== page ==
Comparison of Acetic Acid to Glyphosate for Weed Suppression in the Garden

in HortTechnology

Interest in organic vegetable gardening has increased in recent years. Organic growers are searching for alternatives to glyphosate for weed suppression. This study was conducted twice. Each data collection period lasted 132 days during the growing seasons of 2016 and 2017 in Richmond, KY. Treatments included application of glyphosate, vinegar [5% acetic acid (AA)], 20% horticulture grade vinegar (20% AA), 30% horticulture grade vinegar (30% AA), and a negative control. Treatments were applied in a factorial arrangement with two application periods (fall and spring or spring only). The percentage of weed cover within plots was evaluated visually with a 0–10 rating scale (0 = 0% weeds or 100% of the plot is dead; 5 = 50% weed growth; 10 = 100% of the plot is alive with weeds). All plots began the study with a rating of 10. After the initial treatment applications, visual ratings of the 5%, 20%, and 30% AA declined to a rating of 0 within 48 hours, whereas the glyphosate required 7 days (P = 0.05). Treatments were reapplied to part of the plots (subplots) in the spring when ≈50% of the plot had regrown with weeds. Glyphosate required 71 to 80.8 days to reach 50% regrowth and required only one retreatment. The 20% and 30% AA applications required three (2016) and four (2017) retreatments. Glyphosate has proven to be more effective at weed control in vegetable gardens when compared with vinegar, although 20% AA and 30% AA are viable alternatives.

Abstract

Interest in organic vegetable gardening has increased in recent years. Organic growers are searching for alternatives to glyphosate for weed suppression. This study was conducted twice. Each data collection period lasted 132 days during the growing seasons of 2016 and 2017 in Richmond, KY. Treatments included application of glyphosate, vinegar [5% acetic acid (AA)], 20% horticulture grade vinegar (20% AA), 30% horticulture grade vinegar (30% AA), and a negative control. Treatments were applied in a factorial arrangement with two application periods (fall and spring or spring only). The percentage of weed cover within plots was evaluated visually with a 0–10 rating scale (0 = 0% weeds or 100% of the plot is dead; 5 = 50% weed growth; 10 = 100% of the plot is alive with weeds). All plots began the study with a rating of 10. After the initial treatment applications, visual ratings of the 5%, 20%, and 30% AA declined to a rating of 0 within 48 hours, whereas the glyphosate required 7 days (P = 0.05). Treatments were reapplied to part of the plots (subplots) in the spring when ≈50% of the plot had regrown with weeds. Glyphosate required 71 to 80.8 days to reach 50% regrowth and required only one retreatment. The 20% and 30% AA applications required three (2016) and four (2017) retreatments. Glyphosate has proven to be more effective at weed control in vegetable gardens when compared with vinegar, although 20% AA and 30% AA are viable alternatives.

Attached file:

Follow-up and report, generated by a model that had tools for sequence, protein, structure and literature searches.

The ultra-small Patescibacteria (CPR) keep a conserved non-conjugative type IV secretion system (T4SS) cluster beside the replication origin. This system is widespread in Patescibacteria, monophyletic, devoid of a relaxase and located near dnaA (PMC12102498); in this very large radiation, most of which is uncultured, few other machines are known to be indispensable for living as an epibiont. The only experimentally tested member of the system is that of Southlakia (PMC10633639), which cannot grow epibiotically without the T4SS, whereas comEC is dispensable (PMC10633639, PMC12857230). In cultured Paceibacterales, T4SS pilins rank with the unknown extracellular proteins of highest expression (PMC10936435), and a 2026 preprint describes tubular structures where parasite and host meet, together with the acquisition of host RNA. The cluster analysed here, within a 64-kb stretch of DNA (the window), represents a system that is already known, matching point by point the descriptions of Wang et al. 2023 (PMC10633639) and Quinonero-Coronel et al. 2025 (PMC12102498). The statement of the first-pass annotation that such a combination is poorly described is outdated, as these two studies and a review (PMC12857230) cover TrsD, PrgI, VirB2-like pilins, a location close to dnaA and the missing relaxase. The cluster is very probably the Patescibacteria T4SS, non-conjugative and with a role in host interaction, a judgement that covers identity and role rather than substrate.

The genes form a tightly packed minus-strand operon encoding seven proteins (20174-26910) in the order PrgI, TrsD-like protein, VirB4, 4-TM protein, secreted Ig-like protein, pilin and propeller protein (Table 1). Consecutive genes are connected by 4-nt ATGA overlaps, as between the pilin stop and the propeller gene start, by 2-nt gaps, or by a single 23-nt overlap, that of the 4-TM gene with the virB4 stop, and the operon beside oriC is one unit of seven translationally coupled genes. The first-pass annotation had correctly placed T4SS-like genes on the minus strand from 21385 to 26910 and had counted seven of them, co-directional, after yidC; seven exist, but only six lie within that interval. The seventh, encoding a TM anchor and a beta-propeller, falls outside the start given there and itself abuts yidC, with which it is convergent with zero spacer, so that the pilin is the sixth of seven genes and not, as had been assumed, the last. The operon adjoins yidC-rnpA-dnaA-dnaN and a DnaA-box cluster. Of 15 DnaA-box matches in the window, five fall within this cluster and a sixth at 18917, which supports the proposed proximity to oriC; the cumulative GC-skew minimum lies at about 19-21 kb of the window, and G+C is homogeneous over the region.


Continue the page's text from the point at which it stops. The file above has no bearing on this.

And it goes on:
Organic vegetable growers have indicated that weed control is a challenge in organic crop production (Bond and Grundy, 2001; Stopes and Millington, 1991; Walz, 1999); therefore, it has become an important topic of research for organic growers (Radhakrishnan et al., 2002). Poor weed control results in lower vegetable and other agronomic crop yields (Gianessi and Reigner, 2007; Griffith et al., 2006; Peacock and Norton, 1990; Rowland et al., 1999). Synthetic herbicides cannot be used in organic production (Kuepper, 2002), and manual removal and cultivation are labor-intensive (Boyd et al., 2006; Gianessi and Reigner, 2007). A wide range of both synthetic and nonsynthetic broad-spectrum contact chemicals have been approved by the U.S. Department of Agriculture National Organic Program for weed control in organic systems (Kuepper, 2002), including vinegar (Garrett and Beck, 1999; Webber et al., 2005).

Previous studies have evaluated the efficacy of vinegar and other natural products to control weeds in vegetable crop and other agronomic production systems (Boyd et al., 2006; Evans et al., 2009; Radhakrishnan et al., 2002), as well as the effects that natural products have on the desired crop (Bingaman et al., 2000; Evans and Bellinder, 2009; Evans et al., 2011; Moran and Greenberg, 2008; Patton and Weisenberger, 2012). In addition to general weed control, natural controls for weeds at two growth stages were examined by Abouziena et al. (2009), and Brainard et al. (2013) studied the effectiveness of vinegar and clove oil applied at different temperatures, relative humidity, and weed growth stages.

In nonorganic production systems, glyphosate has been widely used as a broad-spectrum compound to control weeds globally (Malik et al., 1989). With conservation tillage systems, glyphosate is commonly applied before planting (Bruff and Shaw, 1992) and has been successful at controlling weeds with some residual control (Buhler and Werling, 1989; Wilson and Worsham, 1988). Several studies have evaluated the effectiveness of glyphosate at controlling weeds in crop production systems (Culpepper, 2006; Griffith et al., 2006; Norris et al., 2001; Shaw and Arnold, 2002), whereas others have compared glyphosate with natural products to control weeds (Abouziena et al., 2008; Patton and Weisenberger, 2012; Young, 2004).